Now, more than ever, our world is moving so rapidly that it sometimes feels impossible to keep pace with the constant changes and demands. We get pulled from one project to another. Fires need to be put out that pull our focus from vision, mission and priority tasks.
This creates confusion and stress in the mindbody. If we are not mindful of ourselves, the emotions surfacing with the physical sensations can be buried down deep and wreak havoc on our biology while the mental and emotional stress fatigues and wears us down.
There are many ways to cut through the chaos, but figure-ground perception in Gestalt therapy and signal-to-noise ratio are foundational theories that move us back into focus quickly, tactically and meaningfully. Try them using the techniques below.
When you look at an image or scene, your eyes focus on what you look at directly and blurs the rest out as background. If you move your focus, what had been clear now becomes fuzzy as the new background. Right now, take a long, full breath. In this moment, identify one priority that stands out as the figure on which you must focus. Identify everything else as the background. Allow your mind to refocus and prioritize the way that the eyes, ears and our other senses can when we go into stillness and quiet.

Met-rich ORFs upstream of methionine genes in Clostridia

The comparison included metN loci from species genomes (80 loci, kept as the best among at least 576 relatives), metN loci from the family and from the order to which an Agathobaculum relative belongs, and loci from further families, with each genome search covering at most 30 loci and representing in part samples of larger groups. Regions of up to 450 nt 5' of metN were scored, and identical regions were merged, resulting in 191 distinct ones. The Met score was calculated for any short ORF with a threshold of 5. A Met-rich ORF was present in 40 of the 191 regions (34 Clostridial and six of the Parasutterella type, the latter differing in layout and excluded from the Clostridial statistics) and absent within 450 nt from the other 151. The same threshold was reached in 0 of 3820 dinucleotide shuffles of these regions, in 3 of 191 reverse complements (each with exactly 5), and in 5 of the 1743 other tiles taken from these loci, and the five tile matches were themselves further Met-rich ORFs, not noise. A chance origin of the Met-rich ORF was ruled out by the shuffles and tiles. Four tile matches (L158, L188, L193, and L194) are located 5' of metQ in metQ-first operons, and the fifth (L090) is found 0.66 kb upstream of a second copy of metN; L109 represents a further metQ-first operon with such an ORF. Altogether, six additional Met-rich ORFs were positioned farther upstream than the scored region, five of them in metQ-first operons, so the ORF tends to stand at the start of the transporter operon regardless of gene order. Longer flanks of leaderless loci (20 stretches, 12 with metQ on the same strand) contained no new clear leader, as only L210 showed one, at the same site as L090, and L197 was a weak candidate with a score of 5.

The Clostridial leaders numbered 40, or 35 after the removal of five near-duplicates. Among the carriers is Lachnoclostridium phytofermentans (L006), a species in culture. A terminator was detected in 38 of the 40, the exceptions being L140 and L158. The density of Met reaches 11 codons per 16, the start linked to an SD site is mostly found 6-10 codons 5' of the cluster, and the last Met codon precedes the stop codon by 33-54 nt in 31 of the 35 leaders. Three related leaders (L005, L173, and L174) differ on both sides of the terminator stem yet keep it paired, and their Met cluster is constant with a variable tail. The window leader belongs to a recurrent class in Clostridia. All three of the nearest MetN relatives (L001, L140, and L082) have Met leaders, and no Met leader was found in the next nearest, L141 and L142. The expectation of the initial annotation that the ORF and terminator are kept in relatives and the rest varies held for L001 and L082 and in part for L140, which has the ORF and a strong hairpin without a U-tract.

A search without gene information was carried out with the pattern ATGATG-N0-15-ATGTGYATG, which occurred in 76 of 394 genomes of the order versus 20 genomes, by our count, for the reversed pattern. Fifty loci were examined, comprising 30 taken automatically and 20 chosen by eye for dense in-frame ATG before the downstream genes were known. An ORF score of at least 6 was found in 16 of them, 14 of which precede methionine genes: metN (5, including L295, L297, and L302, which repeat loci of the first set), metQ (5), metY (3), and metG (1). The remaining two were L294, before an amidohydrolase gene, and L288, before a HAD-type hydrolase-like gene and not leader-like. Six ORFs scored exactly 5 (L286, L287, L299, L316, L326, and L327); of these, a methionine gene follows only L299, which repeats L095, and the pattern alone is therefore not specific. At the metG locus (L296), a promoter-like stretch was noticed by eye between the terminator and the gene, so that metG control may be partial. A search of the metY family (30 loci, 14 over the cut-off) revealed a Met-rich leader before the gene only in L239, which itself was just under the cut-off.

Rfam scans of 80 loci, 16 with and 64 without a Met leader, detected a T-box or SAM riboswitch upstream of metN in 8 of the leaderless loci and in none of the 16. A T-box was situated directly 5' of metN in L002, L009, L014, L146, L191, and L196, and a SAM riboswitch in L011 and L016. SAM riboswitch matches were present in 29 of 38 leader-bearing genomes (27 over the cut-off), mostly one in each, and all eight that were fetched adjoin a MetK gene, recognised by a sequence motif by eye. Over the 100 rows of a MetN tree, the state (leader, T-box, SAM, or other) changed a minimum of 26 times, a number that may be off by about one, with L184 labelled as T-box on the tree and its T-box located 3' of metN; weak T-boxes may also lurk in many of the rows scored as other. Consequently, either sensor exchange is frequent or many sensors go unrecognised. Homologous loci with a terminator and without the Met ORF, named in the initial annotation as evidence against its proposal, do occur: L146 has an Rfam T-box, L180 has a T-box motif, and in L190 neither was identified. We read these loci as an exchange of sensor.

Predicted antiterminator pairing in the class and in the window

Open your ears to pay attention to sound, and begin to notice that one sound is more prominent to you. You tune in and this becomes a signal to the brain. All other sounds at this point are noise. Take a long, full breath. In this moment, identify in your mind a priority that will bring you to joy and purpose. Like your ears, the mind can home in on a signal, or priority, that keeps you on track to live in meaning. Allow other distractors trying to steal your attention to become background noise.
Multi-tasking is a “skill” many people brag about. While it may seem that much is being accomplished, very little thoughtfulness and quality is being given as there is no figure or signal. Rather, everything is seen as background and noise; tasks become superficial rather than meaningful priorities. Even in the busiest of times, it is possible to take a breath and handle one thing at a time more quickly and effectively than previously believed possible.